Call for boycott of November parliamentary elections comes after opposition party members were banned from running
Bahrain's main opposition group called Tuesday for a boycott of November parliamentary elections after its members were banned from running.
The vote follows waves of unrest since 2011, when security forces in the Sunni-ruled Gulf state crushed protests led by its Shiite majority demanding a constitutional monarchy and an elected prime minister.
Authorities have imprisoned hundreds of dissidents, stripped many of their nationality and outlawed opposition movements including Al-Wefaq, the main movement representing the kingdom's Shiite majority.
"We call on all our people from different classes and affiliations to take an inclusive national stance to boycott and refuse to participate in the election," Al-Wefaq said in a statement after a London press conference.
A law issued in June bars "leaders and members of political associations dissolved for violating the kingdom's constitution or its laws" from standing in parliamentary elections.
A Bahrain court ordered Al-Wefaq's dissolution in 2016 for "harbouring terrorism", inciting violence and encouraging demonstrations which threatened to spark sectarian strife.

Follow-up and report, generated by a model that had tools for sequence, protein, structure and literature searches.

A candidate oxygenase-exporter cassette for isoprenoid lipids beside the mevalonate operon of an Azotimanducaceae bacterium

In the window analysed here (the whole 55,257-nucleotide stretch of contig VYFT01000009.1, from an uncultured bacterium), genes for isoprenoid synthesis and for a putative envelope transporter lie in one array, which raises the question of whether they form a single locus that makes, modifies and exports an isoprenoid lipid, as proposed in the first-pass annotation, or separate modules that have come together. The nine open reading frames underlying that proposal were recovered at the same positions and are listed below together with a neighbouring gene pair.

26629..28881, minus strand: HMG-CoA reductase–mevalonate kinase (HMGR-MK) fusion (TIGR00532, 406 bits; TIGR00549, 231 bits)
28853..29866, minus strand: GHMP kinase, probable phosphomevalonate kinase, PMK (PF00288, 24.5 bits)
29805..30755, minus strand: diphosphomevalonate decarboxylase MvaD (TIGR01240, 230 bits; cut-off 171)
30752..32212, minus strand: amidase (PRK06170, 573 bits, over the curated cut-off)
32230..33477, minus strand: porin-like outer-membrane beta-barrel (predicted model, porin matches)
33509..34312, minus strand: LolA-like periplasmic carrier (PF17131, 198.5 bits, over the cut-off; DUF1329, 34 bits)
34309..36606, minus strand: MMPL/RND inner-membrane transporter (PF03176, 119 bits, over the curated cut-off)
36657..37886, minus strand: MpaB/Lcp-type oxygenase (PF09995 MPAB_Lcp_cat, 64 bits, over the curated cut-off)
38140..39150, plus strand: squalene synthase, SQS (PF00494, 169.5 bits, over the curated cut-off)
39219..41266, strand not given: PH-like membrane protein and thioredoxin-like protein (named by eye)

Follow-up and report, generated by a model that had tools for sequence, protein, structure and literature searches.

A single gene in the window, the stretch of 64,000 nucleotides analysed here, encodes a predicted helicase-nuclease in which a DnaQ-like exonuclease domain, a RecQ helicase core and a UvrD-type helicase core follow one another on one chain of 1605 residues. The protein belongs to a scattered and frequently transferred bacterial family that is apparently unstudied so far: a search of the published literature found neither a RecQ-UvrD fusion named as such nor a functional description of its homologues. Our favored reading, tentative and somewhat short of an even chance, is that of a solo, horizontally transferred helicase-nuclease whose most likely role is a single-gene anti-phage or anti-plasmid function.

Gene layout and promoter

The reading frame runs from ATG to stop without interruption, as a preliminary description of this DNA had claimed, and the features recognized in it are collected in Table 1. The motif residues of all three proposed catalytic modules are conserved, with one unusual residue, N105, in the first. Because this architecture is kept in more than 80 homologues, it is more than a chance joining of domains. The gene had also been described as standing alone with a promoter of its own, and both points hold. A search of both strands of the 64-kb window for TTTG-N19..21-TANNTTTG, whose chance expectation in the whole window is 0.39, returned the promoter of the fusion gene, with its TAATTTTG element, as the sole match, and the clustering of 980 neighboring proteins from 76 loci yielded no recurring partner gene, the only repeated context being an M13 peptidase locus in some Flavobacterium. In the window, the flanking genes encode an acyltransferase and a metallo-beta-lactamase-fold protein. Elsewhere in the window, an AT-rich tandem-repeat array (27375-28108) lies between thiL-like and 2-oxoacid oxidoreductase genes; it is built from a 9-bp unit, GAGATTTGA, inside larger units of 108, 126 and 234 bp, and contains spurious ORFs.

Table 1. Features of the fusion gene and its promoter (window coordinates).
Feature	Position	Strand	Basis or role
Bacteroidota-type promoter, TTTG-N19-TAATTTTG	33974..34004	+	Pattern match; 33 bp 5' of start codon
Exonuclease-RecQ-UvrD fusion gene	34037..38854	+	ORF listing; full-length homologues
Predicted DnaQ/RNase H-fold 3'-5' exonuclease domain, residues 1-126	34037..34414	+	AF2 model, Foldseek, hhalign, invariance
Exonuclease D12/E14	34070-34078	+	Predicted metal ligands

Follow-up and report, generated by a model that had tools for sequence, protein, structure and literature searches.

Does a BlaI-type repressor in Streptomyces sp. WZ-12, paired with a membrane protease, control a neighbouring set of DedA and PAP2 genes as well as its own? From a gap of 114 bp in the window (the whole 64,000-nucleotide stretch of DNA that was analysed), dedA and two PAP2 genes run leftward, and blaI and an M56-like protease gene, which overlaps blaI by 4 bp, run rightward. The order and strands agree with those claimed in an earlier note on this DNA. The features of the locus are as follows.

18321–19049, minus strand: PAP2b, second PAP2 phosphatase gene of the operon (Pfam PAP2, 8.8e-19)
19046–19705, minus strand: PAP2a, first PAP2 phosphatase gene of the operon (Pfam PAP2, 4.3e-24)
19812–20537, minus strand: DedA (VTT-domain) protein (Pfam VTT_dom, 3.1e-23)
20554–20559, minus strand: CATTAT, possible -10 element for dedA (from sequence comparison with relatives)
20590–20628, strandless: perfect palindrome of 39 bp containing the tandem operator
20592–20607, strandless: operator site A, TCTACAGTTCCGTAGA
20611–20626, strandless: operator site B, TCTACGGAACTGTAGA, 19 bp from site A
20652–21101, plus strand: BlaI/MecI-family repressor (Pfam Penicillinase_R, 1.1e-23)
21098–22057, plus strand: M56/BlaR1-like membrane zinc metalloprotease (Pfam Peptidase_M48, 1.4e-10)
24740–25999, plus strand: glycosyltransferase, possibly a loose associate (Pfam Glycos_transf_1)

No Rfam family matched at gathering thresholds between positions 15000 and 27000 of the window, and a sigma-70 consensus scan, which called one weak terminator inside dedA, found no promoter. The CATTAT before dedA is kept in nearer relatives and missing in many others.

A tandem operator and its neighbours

Authorities have also outlawed the main secular opposition group, the National Democratic Action Society or Waad.
Opposition parties boycotted the last elections in 2014 -- the first since the 2011 crackdown -- and denounced the vote as a "farce".
Bahrain's lower house has the authority to examine and pass legislation proposed by the king or cabinet, but its decisions can be blocked by an upper chamber appointed by the king.
The tiny Gulf island, a key ally of the United States and home to the US Fifth Fleet, accuses Shiite Iran of provoking unrest in the kingdom.
Iran denies the allegations.